Every morning of the year, he opened the big wooden doors of the lifeboat house and closed them again at night. He set up the honesty book stall inside which became an ever changing library for the village. It raised so much money over the years that the RNLI awarded him a plaque in recognition.
Born in Guiseley in 1939, Mr Wilson’s first job was on the shop floor of the family firm of Silver Cross Prams.
His grandfather had started the famous Yorkshire pram maker which was known as the Rolls Royce of prams as numerous Royal babies were all filmed in Silver Cross prams. His father followed as managing director of the firm but Mr Wilson had ambitions to fly and soon left to join the RAF.
As a flying officer, he piloted Hastings planes for Transport Command around Europe and the Far East but left after five years to be with his young family and retrained as a teacher. For the next 24 years he taught English at Guiseley School, passing over all opportunities of promotion to stay as a frontline classroom teacher and instil a love of reading and literature into generations of his pupils.
Partly inspired by his godparents who lived in Staithes, he bought a holiday cottage near the harbour in Staithes in 1970.
On his retirement in 1990, his family moved from Ilkley to live permanently in the village. A tall. handsome man with a clear voice that could be heard in every corner of a hall, Mr Wilson was a natural choice to front and compere many village events from concerts to the annual turning on of the Christmas lights on the staith.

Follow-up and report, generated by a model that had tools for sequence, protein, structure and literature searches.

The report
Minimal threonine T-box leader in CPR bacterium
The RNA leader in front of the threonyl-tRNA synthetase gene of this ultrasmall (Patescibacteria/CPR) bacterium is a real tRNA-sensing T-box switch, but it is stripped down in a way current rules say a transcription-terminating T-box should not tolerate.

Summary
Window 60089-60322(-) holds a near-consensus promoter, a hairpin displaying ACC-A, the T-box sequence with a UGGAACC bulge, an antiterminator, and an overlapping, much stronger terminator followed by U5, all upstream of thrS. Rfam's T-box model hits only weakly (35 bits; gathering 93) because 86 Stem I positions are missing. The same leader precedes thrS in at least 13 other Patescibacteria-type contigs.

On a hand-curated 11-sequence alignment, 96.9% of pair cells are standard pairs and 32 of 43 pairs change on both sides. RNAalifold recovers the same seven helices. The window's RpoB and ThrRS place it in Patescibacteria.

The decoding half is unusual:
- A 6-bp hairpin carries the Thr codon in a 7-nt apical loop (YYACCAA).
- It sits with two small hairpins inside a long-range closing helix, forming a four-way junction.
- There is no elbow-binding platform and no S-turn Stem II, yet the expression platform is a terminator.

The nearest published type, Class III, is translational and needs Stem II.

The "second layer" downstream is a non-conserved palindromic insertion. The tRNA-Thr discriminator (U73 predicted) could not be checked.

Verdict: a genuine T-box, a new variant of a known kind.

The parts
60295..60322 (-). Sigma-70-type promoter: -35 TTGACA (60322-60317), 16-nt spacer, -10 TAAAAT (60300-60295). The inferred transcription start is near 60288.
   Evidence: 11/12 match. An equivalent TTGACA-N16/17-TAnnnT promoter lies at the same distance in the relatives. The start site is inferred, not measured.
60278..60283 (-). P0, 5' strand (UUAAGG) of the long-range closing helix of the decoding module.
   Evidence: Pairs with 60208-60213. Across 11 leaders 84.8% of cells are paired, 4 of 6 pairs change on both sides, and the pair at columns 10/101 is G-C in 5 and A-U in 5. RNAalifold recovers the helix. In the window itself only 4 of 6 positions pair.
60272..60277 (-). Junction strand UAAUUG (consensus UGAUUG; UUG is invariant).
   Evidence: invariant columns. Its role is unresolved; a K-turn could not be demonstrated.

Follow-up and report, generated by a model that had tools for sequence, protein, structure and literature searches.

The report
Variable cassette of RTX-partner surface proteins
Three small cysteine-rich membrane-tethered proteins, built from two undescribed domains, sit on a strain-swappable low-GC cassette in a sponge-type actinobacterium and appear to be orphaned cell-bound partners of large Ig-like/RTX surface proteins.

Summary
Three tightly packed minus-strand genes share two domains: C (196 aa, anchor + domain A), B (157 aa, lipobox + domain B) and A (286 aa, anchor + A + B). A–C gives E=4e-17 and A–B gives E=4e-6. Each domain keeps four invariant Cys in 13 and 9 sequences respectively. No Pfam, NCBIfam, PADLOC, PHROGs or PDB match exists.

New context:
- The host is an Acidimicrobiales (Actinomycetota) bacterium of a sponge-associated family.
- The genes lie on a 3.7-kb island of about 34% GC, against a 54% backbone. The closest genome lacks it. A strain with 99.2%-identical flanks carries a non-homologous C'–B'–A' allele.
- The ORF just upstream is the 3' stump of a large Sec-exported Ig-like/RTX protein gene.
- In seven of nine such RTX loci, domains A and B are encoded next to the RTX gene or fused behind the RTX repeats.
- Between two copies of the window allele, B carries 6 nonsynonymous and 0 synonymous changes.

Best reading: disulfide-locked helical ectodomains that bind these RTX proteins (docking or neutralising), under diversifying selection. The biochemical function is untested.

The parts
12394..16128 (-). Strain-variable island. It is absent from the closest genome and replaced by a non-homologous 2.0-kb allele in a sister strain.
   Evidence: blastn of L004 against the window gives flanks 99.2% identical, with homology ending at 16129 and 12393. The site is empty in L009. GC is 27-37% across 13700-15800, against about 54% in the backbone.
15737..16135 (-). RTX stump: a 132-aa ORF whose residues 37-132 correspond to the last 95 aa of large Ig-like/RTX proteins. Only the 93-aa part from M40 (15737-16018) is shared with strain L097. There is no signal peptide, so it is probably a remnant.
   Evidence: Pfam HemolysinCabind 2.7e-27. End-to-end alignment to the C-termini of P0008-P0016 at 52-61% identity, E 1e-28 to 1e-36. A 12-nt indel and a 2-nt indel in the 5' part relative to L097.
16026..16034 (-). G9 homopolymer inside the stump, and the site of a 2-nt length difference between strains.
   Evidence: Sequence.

Another contribution to village life was his voluntary work with Staithes’ community bus the Coble Courier. He regularly drove shopping parties to Redcar and trained up others as drivers. But perhaps he was best known to visitors for his sprawling annual bookstall on the staith at the RNLI Lifeboat Weekend for which he and his wife Jan collected books all year round. He and Jan celebrated their golden wedding anniversary last year.
At a packed Thanksgiving service at St. Hilda’s, Hinderwell, this week, the Reverend Alan Coates described Mike Wilson as “a man of duty and responsibility, honesty and integrity, kindness and compassion”. An entry in a book of tributes read: “Mike did something every day that made life better for someone. He was a gentle man and a gentleman.”
He died peacefully at home with his family around him. He leaves his wife Jan, a sister Pam, his daughters Lucy and Sarah, both artists living in Staithes, and two grandchildren Freya and Jamie.